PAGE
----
This premise remains valid today, although the situation has improved. We now have more options for electric/hybrid vehicles and prices have come down for many makes/models, so trade-offs have been reduced in this instance. But other sustainable products still cost more, and the perception of performance trade offs still exists.
Four years ago, we wrote about a study undertaken by professors of marketing at William & Mary, Ohio State and the University of Texas. The study results were presented in The Sustainability Liability: Potential Negative Effects of Ethicality on Product Preference. Briefly, the authors’ study demonstrated that customers frequently feel that improving ethical aspects of a product reduces the ability of the product to fully perform its expected function. In addition, the authors demonstrated the impact of bias on the part of customers when they are being observed (such as in a survey scenario) versus when they aren’t observed (or don’t know it). Connect the dots – customers being observed as part of new product research aren’t likely to show their true concerns about sustainable products and may not buy them when they are available 3.
Going back to automobiles, Tesla has done a good job of battling perceptions of driving performance (such as creating an Insane driving mode that rivals traditional supercars in 0-60 times) and range limits. Few other companies or products seem to have attacked the trade-off perceptions in a similar manner.
To sum it up, you need to understand your customers’ key buying criteria, and how their perceptions of sustainability impact their decisions.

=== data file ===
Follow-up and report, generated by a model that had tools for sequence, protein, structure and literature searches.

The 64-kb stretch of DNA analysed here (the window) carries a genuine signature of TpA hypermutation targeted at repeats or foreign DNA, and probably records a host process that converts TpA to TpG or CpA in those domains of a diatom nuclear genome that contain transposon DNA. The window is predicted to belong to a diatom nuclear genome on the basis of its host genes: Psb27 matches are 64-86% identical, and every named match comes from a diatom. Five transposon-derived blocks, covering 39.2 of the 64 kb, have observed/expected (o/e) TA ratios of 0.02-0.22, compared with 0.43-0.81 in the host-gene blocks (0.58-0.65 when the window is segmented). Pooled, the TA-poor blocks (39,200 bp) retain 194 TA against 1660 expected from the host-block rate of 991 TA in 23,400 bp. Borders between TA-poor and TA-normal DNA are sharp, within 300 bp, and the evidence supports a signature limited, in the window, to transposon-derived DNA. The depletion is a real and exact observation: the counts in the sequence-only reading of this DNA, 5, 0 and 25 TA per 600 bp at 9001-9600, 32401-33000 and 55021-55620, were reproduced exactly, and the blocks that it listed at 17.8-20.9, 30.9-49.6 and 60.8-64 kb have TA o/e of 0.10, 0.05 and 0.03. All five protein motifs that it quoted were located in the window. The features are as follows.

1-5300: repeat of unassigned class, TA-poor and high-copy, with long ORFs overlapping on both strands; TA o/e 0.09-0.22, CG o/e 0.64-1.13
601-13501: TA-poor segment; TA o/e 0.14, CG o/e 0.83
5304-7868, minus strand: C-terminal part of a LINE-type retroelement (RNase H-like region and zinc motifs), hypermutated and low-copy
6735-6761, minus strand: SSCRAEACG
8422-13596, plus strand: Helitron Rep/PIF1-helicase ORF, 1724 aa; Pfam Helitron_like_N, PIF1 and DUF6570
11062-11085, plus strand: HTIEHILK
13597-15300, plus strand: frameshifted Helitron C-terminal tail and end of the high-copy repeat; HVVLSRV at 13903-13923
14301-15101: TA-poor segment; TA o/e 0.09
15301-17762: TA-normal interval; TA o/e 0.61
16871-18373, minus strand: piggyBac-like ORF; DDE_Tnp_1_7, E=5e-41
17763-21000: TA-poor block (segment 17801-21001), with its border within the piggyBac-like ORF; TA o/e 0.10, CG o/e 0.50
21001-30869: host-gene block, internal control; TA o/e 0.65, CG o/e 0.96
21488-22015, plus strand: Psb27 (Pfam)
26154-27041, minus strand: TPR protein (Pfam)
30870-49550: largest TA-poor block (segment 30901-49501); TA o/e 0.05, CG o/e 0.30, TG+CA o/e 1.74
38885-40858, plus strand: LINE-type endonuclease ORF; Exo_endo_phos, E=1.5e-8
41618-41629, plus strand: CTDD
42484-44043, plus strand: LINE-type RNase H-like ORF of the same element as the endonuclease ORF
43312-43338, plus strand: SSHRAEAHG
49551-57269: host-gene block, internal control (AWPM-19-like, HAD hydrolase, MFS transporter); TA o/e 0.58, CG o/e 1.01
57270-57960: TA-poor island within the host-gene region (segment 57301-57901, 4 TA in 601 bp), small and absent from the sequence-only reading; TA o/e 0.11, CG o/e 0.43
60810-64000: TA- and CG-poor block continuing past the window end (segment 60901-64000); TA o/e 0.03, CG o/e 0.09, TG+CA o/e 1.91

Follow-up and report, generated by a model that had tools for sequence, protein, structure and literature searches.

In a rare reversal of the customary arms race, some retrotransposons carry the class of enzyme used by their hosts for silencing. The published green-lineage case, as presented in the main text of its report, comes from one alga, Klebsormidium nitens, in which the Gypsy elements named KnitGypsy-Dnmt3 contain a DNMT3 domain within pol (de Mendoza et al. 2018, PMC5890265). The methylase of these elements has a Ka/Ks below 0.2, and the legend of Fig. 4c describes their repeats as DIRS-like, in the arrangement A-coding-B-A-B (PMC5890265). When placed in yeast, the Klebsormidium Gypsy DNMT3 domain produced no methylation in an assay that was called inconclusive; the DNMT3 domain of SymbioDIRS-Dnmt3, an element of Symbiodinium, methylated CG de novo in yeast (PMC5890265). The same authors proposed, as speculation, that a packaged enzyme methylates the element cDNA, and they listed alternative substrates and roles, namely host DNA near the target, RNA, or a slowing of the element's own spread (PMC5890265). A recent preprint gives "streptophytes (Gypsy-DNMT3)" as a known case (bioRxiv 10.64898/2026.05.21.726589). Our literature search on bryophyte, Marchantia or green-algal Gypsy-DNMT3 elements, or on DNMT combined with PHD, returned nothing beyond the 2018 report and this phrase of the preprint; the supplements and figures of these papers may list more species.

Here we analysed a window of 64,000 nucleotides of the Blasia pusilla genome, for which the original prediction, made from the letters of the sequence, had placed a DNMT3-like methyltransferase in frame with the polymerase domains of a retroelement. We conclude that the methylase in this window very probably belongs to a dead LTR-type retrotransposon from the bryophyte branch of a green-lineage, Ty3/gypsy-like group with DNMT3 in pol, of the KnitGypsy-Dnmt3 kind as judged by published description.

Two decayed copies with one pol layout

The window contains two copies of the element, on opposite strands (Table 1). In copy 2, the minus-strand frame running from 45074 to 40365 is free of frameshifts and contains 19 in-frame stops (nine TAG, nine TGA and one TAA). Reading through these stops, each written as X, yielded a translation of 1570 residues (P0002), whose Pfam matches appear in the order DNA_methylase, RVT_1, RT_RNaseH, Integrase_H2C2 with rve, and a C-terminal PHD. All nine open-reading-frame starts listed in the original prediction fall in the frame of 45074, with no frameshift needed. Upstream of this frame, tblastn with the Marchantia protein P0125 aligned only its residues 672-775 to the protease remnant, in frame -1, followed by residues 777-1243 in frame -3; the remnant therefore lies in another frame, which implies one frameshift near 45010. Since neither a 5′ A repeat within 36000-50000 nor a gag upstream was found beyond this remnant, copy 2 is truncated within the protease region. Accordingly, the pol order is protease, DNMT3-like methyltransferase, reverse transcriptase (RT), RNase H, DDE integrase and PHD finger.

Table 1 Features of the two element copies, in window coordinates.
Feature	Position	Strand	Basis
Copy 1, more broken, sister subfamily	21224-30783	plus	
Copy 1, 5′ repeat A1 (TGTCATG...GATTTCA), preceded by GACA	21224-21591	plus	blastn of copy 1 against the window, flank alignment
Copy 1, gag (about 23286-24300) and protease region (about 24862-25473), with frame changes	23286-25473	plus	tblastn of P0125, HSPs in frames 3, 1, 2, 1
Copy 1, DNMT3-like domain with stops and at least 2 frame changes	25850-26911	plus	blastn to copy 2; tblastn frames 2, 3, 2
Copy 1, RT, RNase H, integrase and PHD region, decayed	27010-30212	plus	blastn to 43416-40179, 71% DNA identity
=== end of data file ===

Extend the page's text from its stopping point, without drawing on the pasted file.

Don’t be Stupid. Approach internal decision makers in their terms and you keep their attention with a higher likelihood of success. Or ignore that and emphasize ill-defined, unproven or irrelevant pie-in-the-sky sustainability concepts and see where that gets you.
To begin, you need to understand the company, how it operates and why it exists. Act as though you are the VP of Operations, Marketing, Communications, Supply Chain, Product Development and HR. Pretend you are working on a case study at Harvard Business School. Learn as much as you can, such as:
- What does the company make or offer? What need does it fill? Why does that need exist in the first place?
- What are key internal words, phrases, programs and initiatives?
- What are the manufacturing processes involved?
- What is the manufacturing capacity and efficiency?
- How does the company make money?
- What are the most critical aspects of revenue generation and profitability?
- What are the direct and indirect cost drivers with the biggest impact?
- Why are certain suppliers used? What are your company’s key buying criteria?
- Why do customers buy from your company? What are your customers’ key buying criteria?
- What is important in a new product? How is the market analyzed and demand predicted?
- Who are the most important audiences for the company’s external communications?
- Why do employees work at the company? What is important to them?
- What are the different relevant compensation programs, metrics and triggers?
After learning “the business” you can then put on your other hat and identify where sustainability initiatives may make sense. Where you find a potential project, your pitch should be about the relevant business benefits using the appropriate business words. The word “relevant” is emphasized. Unless specifically prompted by management, don’t use the word sustainability until near the end of any conversation: “Oh, and we also get to highlight this as a sustainability success, too.”